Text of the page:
It's a Monday night on the Westside of Los Angeles, and Oliver Stone is causing trouble.
The provocateur filmmaker has just finished showing his new documentary "South of the Border" — a shameless if genial piece of agitprop about leftist leaders in South America and Cuba — to a group of Southern California intimates and progressives. From the stage after the film, inside the lobby screening room of the marble-and-glass Century City offices of Creative Artists Agency, Stone is running through U.S.-perpetrated injustices and misperceptions in South America as he sees them.
The Americans under both George W. Bush and Barack Obama are working to destabilize democratically elected leaders. The American media perniciously spread rumors that Venezuelan President Hugo Chavez suppresses the media ("it's a total lie ... Venezuela isn't China"). The American public has been misled about the South American environmental and economic policies. And U.S. military adventures around the world foretell the end of American dominance as we know it. "Fidel used to say that Che said that it will be the end when America has three Vietnams, and we're almost at the point," Stone pronounces.
Stone is always eager to needle the right with his brazenly ideologically driven filmmaking. As the CAA event shows, a session with Stone can feel like a college course, with the director as the professor and audiences as the wide-eyed freshman-year class. He is happy to pepper his responses with numbers and factoids: about gross domestic product, about oil production, about poverty levels.
But the director's filmic methods for teaching that class have shape shifted in "South of the Border," which was scheduled to open this weekend in limited release across Southern California. Unlike "JFK" or "Born on the Fourth of July," where Stone provoked ire for using a feature-film format to pass off his views of history, Stone touches a different nerve here: He's using the ostensibly truth-telling format of nonfiction film to expose his views of (in)justice. (It's most akin, perhaps, to his first Cuba documentary, "Commandante," which became embroiled in a controversy when HBO refused to air it because they said it didn't push Fidel Castro hard enough on crackdowns in that country.)
In the new film, Stone crisscrosses South America lobbing mainly gentle questions at six leftist leaders, spending particular time with Bolivia's coca-grower-trade-leader-turned-President Evo Morales and Venezuela's polarizing leftist Chavez, gaining access and currying favor with them at the same time. From where, Mr. Chavez, did you get the courage to stand down the America-centric International Monetary Fund, he asks the leader. How good, Mr. Morales, does it feel to chew coca leaves? (The two proceed to do just that together.) And what is it like, Raul Castro, to know your brother was such a pioneer in squaring off against the Americans?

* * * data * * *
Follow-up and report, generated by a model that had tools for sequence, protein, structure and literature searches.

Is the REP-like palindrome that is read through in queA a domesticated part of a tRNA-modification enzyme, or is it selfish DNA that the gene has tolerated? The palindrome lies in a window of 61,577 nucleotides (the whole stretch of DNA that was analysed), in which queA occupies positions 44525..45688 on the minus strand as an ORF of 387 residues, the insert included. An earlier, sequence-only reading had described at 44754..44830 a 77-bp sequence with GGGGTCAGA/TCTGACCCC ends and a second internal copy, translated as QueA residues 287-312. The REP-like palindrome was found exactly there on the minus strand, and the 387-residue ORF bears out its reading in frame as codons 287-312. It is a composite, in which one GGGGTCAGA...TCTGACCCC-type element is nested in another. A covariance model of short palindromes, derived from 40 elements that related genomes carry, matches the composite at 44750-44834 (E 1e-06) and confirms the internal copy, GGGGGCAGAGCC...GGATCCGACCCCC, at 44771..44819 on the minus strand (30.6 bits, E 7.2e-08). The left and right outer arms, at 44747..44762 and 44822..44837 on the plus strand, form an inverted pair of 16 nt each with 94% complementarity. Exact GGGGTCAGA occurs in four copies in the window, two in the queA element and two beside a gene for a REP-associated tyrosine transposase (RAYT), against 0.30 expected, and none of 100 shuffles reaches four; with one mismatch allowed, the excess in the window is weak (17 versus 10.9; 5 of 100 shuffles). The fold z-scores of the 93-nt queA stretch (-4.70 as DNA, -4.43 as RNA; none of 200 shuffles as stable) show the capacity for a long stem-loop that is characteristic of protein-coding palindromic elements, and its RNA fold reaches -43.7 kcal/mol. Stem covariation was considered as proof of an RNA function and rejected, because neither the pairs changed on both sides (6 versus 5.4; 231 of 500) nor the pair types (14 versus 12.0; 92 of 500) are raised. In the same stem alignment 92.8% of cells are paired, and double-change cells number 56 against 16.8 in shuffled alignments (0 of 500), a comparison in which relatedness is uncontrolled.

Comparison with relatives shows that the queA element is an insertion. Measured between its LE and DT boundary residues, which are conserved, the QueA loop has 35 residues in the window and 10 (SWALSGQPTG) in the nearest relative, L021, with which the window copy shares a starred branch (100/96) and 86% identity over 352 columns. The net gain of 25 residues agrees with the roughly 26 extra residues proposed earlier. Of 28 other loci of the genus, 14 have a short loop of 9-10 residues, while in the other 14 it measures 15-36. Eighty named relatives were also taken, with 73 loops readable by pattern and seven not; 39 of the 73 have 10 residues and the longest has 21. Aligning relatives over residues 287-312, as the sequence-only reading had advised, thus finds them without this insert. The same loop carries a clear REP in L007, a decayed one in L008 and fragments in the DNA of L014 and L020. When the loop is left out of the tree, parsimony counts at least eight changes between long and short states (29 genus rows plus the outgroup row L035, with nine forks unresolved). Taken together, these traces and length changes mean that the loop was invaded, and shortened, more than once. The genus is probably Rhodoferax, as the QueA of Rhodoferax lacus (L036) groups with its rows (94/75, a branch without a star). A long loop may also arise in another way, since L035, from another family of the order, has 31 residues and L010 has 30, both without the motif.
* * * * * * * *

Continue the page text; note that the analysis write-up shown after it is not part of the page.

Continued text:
It's a survey course of modern Latin American politicians and their relationship with America and Americans, but after a fashion; those hoping for context on the opposition or even the people these leaders govern will be forced to look elsewhere.
For his part, Stone says that the point of the film is not to explore every wrinkle in modern Latin American society but to offer a cinematic corrective to stateside perceptions of U.S. foreign policy. "This issue is much larger than these six countries," Stone says in a phone interview the morning after the screening. "We're still subscribing to the Bush, Cheney and Wolfowitz doctrine of unilateral control of the world. Obama is a puppet president in that regard."
Those who have helped Stone put together the film say that it's a much-needed opposition voice to an American media that ignore and distort South America. (The film is sprinkled with examples of blithe hyperbole, mainly from Fox News, about the evils of various South American leaders). "What we're trying to do is show that the media doesn't report what's really going on in South America, that there's another side that never gets covered in the United States," "South of the Border" producer Fernando Sulichin said in an interview from the Cannes Film Festival last month. A suave, Argentinean-born, Paris-dwelling producer, Sulichin helped arrange access to many of the leaders for Stone.
For all its political preoccupations, however, South of the Border" focuses heavily on economics and financial policy. Its main concern lies with the way the U.S. has sought to impose a system, and how these leaders have, in Stone's view, nobly resisted and turned around their country.